The opinion of the court was delivered by: AVIS
A patent, involving a street signaling apparatus, and issued to plaintiff Elmer W. Kelley, is the basis of this action. No question is raised as to the right of the plaintiffs to institute the action. The defendants challenge the validity of the patent and deny infringement. The patent in question is No. 1,132,186, dated March 16, 1915, issued upon an application filed December 29, 1913. In the application the purpose and object is stated as follows: "The present invention relates to traffic signaling systems and an object of the same is to provide a system by which signals may be given along any street or streets of a city for the purpose of pointing out the route which is to be taken by the fire apparatus, ambulances or other vehicles requiring that the traffic be cleared or stilled during the passage of such vehicles."
The plaintiffs rely upon the allegation that defendants have infringed claim No. 1, reading as follows: "A traffic signaling system comprising a plurality of signals distributed in the streets of a city, the distance between the signals being such that one of them will be effective as a signal at any point between any two proximate signals, and means for operating the signals to point out a path for fire apparatus, or the like."
As to the scope of the patent, the court has had the benefit of an examination of the file wrapper which was offered in evidence, and from that it appears that in the original application claims 1 and 2, in describing the object of the patent, contained the words "to point out a path for fire apparatus, or the like." Claims 3 to 10, inclusive, did not contain this clause. After the application was filed, the Examiner in the Patent Office communicated with the attorney for the applicant, directing his attention to the fact that certain claims were fully anticipated by patents already outstanding "except for the new use set forth by certain of the claims in pointing out a directional path for fire apparatus as in claims 1 and 2 which are therefore believed to be directed to patentable subject matter and allowable."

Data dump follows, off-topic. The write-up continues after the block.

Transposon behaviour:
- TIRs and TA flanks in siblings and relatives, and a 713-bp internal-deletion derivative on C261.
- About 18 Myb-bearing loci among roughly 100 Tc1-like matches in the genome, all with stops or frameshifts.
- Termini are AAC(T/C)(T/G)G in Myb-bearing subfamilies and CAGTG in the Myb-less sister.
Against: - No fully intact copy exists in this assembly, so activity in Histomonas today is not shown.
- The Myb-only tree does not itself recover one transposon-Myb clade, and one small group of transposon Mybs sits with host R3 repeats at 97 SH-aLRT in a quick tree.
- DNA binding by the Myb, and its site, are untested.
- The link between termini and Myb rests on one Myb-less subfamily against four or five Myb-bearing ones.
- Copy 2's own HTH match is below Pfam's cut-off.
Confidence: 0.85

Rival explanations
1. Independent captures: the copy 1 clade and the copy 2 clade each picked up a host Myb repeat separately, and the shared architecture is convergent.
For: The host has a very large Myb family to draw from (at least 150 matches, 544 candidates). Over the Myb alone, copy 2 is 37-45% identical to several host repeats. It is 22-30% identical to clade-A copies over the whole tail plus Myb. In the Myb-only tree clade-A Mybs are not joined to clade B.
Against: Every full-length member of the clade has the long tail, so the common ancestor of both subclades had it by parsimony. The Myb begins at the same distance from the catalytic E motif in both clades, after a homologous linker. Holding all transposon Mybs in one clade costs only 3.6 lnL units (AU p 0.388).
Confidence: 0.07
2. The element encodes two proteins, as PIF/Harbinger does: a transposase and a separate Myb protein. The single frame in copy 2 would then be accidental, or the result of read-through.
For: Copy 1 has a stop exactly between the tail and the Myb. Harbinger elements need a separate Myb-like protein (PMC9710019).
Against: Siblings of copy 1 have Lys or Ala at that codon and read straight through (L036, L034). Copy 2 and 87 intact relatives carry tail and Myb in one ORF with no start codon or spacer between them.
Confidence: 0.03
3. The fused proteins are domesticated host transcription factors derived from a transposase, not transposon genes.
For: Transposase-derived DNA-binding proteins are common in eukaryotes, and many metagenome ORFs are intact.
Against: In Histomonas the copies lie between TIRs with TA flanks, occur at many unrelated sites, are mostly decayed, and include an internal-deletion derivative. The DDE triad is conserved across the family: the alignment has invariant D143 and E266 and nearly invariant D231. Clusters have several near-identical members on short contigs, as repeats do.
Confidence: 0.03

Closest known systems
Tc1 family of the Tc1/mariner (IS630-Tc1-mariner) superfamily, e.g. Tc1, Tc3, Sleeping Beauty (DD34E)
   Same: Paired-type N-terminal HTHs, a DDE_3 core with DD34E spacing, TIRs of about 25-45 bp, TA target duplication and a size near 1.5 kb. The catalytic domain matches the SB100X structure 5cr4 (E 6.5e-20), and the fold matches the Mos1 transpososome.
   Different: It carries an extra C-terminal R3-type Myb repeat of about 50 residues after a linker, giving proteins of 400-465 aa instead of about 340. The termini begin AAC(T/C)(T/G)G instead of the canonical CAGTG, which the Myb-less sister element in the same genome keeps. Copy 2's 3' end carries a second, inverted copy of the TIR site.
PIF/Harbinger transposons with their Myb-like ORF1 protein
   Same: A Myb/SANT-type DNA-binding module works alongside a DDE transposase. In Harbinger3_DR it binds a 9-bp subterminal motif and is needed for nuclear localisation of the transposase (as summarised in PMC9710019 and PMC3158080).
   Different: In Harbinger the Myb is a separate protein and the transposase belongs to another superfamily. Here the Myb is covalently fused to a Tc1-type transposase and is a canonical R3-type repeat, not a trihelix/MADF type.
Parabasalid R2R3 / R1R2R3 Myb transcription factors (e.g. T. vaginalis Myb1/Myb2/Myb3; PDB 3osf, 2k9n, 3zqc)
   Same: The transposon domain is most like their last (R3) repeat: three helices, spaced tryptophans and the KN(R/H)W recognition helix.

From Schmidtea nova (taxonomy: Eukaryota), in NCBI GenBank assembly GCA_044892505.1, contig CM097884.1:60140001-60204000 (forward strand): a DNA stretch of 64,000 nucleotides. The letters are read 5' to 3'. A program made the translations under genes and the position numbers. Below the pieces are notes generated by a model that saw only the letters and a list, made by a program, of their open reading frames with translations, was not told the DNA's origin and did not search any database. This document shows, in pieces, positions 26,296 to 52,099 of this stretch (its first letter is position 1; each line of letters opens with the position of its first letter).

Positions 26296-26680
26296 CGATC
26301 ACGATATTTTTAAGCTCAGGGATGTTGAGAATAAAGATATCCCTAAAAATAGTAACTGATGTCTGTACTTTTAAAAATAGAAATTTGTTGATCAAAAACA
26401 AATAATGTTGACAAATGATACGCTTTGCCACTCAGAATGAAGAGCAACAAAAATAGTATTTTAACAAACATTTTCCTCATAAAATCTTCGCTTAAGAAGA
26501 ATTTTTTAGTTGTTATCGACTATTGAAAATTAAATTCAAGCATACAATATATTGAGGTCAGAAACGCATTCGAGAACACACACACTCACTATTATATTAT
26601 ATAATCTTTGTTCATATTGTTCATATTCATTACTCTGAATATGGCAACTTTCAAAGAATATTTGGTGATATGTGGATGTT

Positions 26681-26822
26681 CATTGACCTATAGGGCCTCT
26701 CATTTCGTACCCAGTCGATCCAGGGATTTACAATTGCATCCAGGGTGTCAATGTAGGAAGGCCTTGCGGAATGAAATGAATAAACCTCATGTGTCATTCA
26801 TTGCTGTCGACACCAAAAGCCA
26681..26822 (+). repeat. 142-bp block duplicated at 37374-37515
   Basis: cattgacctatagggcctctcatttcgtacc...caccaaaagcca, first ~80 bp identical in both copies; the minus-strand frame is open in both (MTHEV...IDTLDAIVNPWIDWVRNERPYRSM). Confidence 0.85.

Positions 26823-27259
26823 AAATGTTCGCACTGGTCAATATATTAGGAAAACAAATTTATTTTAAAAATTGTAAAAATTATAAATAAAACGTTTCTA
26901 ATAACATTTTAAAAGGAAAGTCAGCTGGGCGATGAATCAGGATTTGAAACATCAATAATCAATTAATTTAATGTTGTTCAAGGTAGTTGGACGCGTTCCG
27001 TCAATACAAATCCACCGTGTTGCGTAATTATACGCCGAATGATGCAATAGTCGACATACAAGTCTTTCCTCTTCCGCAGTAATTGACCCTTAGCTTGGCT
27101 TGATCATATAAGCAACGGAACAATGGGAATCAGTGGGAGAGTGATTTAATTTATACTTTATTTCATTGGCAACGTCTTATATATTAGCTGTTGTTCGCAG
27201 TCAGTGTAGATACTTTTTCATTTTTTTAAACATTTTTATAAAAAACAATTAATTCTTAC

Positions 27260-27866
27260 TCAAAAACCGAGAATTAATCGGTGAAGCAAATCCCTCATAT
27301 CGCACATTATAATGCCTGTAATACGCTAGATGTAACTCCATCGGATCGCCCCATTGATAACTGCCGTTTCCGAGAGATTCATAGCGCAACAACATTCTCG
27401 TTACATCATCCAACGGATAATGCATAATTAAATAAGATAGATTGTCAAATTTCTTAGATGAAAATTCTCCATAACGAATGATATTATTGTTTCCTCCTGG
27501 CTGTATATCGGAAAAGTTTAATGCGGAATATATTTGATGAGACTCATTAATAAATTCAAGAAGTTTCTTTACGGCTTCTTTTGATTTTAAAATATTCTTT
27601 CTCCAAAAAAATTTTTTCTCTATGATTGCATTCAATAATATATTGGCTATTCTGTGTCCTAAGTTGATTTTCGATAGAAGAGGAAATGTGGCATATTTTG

Claim 9 was allowed, and claim 10 rejected as being anticipated. Claim 9 as allowed did not contain the words "to point out a path for fire apparatus, or the like." Whether this was an oversight or intentional, does not clearly appear, but, however this may be, I concenive that the patent was allowed and issued only upon the understanding that these words restricted and limited the scope of the invention, and that the patent is controlled by this specification. The patentee accepted the suggested amendment and the issue of the patent followed. Having accepted the limitation and acquiesced in the rejection of the broader claims, the patentee cannot now take advantage of the fact that in one of the claims the words narrowing the claims of the application were omitted.
Anticipations by issuance of sundry prior patents, and prior uses in various cities of the United States are set up by defendants in their attack upon the validity of the patent. As the court views the situation, it is not required that any decision should be rendered as to the validity of the patent, because of its conclusions as to infringement.